“Sorry, princess. Glad your friend wasn’t rude.”
The child snuggled happily against her dad, she loved any and all hugs always. His blue eyes trailed to the plastic tea cup lying on its side across the room, as if it had been thrown rather than simply dropped on the fake wooden slats beyond the blanket.
“They still don’t talk very much, but magic tea doesn’t need talking, only drinking.”
Chase let her go and retrieved the cup himself. Both their kids watched him perform on his under-viewed YouTube channel, they liked pretending for others as well. Maybe one of them would be a successful actor, that would be incredible.
“Did you find out anything about your friend? Do they have a name?”
The girl poured Kevin more magic tea while Chase settled into the vacant spot, and she brightened at the question.
“Yes! I told them I was from Mommy’s house, and they said they were from the void.”
An easy smile slipped like melting wax from Chase’s face as Ellie lifted the toy teacup to Kevin’s lips. She’d always had a vivid imagination, but that single syllable made his blood run cold. The TV, maybe, she soaked up everything like a sponge, maybe she’d heard it from a show they left on too loud after bedtime. He couldn’t fathom why it would be ingrained in any five-year-old girl’s vocabulary.
“… I’ve never heard of that place, did you hear it from the TV?”
She shook her head with her whole body, like she always did, and drank Kevin’s magic tea for him.
“No, Daddy, my friend told me.”
Chase launched to his feet at Connor’s terrified voice, alarmed already by the green light that drenched the barren hallway. His son was transfixed to the chair as the computer screen glitched with sickly green and red static. Chase had never seen such a violent computer error in his life, but walking toward the machine was like wading through mud. The air was thick and resistant while the speakers began to shriek with unexpected feedback. The desk light that had been off since the night before suddenly illuminated and surged with power. Connor covered his ears as the shrieking swelled in volume and morphed into what sounded like twisted, electronic laughter.
“Make it STOOOOOOP!”
The boy’s scream was punctuated by the crack of the desk lamp's bulb, fizzling into nothing. A shape began to form in the static just as Chase wheeled his son back, dove for the power strip, and ripped the plug out of the wall.
Like cutting the strings off a puppet, it was gone.
Sleep was nowhere near.
Both children protested his taking the couch when bedtime came, and it was hard to argue when that disturbing power surge left the living room smelling like burnt light bulb even hours later. It was the only explanation he could think of, that or a virus capable of overloading everything in the power strip a computer was connected to. Chase had never heard of such a thing, but that didn’t make it impossible.
It had taken a long while to talk Connor down in the safety of the bedroom, murmuring comforts the boy couldn’t hear through the tears. It was just a virus. Some jerk trying to be funny by making things to scare people. You’re okay, bud, I’ve got you. He’d softened eventually, the tears had slowed and the words filtered through. It had been a genuine relief when those brown eyes finally surfaced, bloodshot but no longer brimming with fear.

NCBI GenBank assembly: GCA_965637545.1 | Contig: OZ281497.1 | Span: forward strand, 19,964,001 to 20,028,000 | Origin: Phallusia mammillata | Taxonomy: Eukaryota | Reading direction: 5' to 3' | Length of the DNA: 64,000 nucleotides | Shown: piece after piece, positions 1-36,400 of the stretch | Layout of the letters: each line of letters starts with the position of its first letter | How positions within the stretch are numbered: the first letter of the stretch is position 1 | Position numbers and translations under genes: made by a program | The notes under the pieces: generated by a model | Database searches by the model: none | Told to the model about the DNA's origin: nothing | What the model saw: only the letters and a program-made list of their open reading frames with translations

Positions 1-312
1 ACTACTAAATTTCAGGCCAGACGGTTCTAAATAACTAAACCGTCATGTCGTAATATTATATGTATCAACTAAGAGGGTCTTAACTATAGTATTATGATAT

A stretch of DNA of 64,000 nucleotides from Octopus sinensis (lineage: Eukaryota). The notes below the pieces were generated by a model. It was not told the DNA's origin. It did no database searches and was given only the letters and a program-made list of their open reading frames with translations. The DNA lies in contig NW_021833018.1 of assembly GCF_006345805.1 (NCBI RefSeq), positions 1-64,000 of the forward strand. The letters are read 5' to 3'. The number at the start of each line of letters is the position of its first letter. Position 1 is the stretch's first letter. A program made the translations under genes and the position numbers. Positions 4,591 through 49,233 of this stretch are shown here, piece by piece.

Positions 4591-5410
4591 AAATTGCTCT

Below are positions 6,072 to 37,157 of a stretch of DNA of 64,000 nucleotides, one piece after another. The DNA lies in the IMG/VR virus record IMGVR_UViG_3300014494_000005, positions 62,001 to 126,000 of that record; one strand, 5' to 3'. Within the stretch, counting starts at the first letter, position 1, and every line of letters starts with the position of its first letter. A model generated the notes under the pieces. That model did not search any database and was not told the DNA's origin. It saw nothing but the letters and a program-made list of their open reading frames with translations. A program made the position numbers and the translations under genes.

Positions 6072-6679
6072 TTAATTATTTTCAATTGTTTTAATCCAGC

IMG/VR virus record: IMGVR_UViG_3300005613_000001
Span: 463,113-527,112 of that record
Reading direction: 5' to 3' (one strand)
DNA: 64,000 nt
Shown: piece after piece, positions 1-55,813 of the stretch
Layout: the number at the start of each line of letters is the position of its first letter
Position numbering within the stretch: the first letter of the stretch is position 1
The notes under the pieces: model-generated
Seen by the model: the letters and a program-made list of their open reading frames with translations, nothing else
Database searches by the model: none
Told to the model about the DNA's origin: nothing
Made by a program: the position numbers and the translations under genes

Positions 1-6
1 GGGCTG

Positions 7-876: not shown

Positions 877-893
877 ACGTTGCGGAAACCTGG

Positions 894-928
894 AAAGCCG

Through it all, Ellie remained silent. There had been worry in her face, which had flickered between the hallway, her brother, and the abandoned tea party. The same expression surfaced when she’d done something bad and might get caught. When Chase beckoned her in, she’d burrowed against his side and said nothing.
By his side was where she remained, and Connor was curled against the other. Chase never slept on his back, but it was the only way he could hold both kids at once. Connor and Ellie were both sound asleep, safe in their dad’s arms.
Enjoy it now, they’re never coming back.
The intrusive thought impaled him like a knife to the throat, and his arms instinctively tightened. No, kids were resilient. A few days of normalcy in their own house, and they’d forget this ever happened. If not, he’d move if he had to. It wasn’t like he was making rent, even at this tiny house. It was a huge reason Stacy had thrown in the towel; she’d been working two jobs to support him, the kids, the house, and his dream for online fame.
He’d had such hopes for his channel. It seemed like it followed all the right formulas, copied all the right elements, but it never really took off. He didn’t make enough money off it to even provide for himself, let alone his family. Every ounce of logic in the world backed Stacy’s pleas to give it up, or at least downscale the efforts so he’d have time to take a higher-income job and still make videos. Slowing down felt like giving up, he knew it could work out. He knew he could pull off enough stunts and trick shots to make the channel all they ever needed.
On the days when it became far more evident this dream was already sunk… he drank. When that sense of worthlessness crept in, he drank. When the bills piled up because he’d failed to make it all work, he drank. Yet somehow, even worse were the days when he didn’t even have the strength to lift the bottle. When the idea of leaving the house felt like being asked to pick up a mountain. When he was drowning in the screaming realization that his world was burning around him, but paralyzed to do anything about it. Like being trapped in a dead plane, watching the ground loom closer and closer, one hand on the emergency eject button he only ever pulled when it was too late to matter.
Like when she’d called him, sobbing -- in the middle of a show he was supposed to cancel to watch the kids so she could sleep after three back-to-back shifts – and said she couldn’t do it anymore. At the time it had felt so important, they’d managed to rent a conference room super cheap and wouldn’t get that rate again if they didn’t show. Ice had numbed every cell in his body when he realized that shitty conference room had cost his marriage. He’d finally hit that eject button, but the plane was already a smoldering wreck on the ground. Chase died on impact, but it happened so fast that his ghost continued on as if he hadn’t.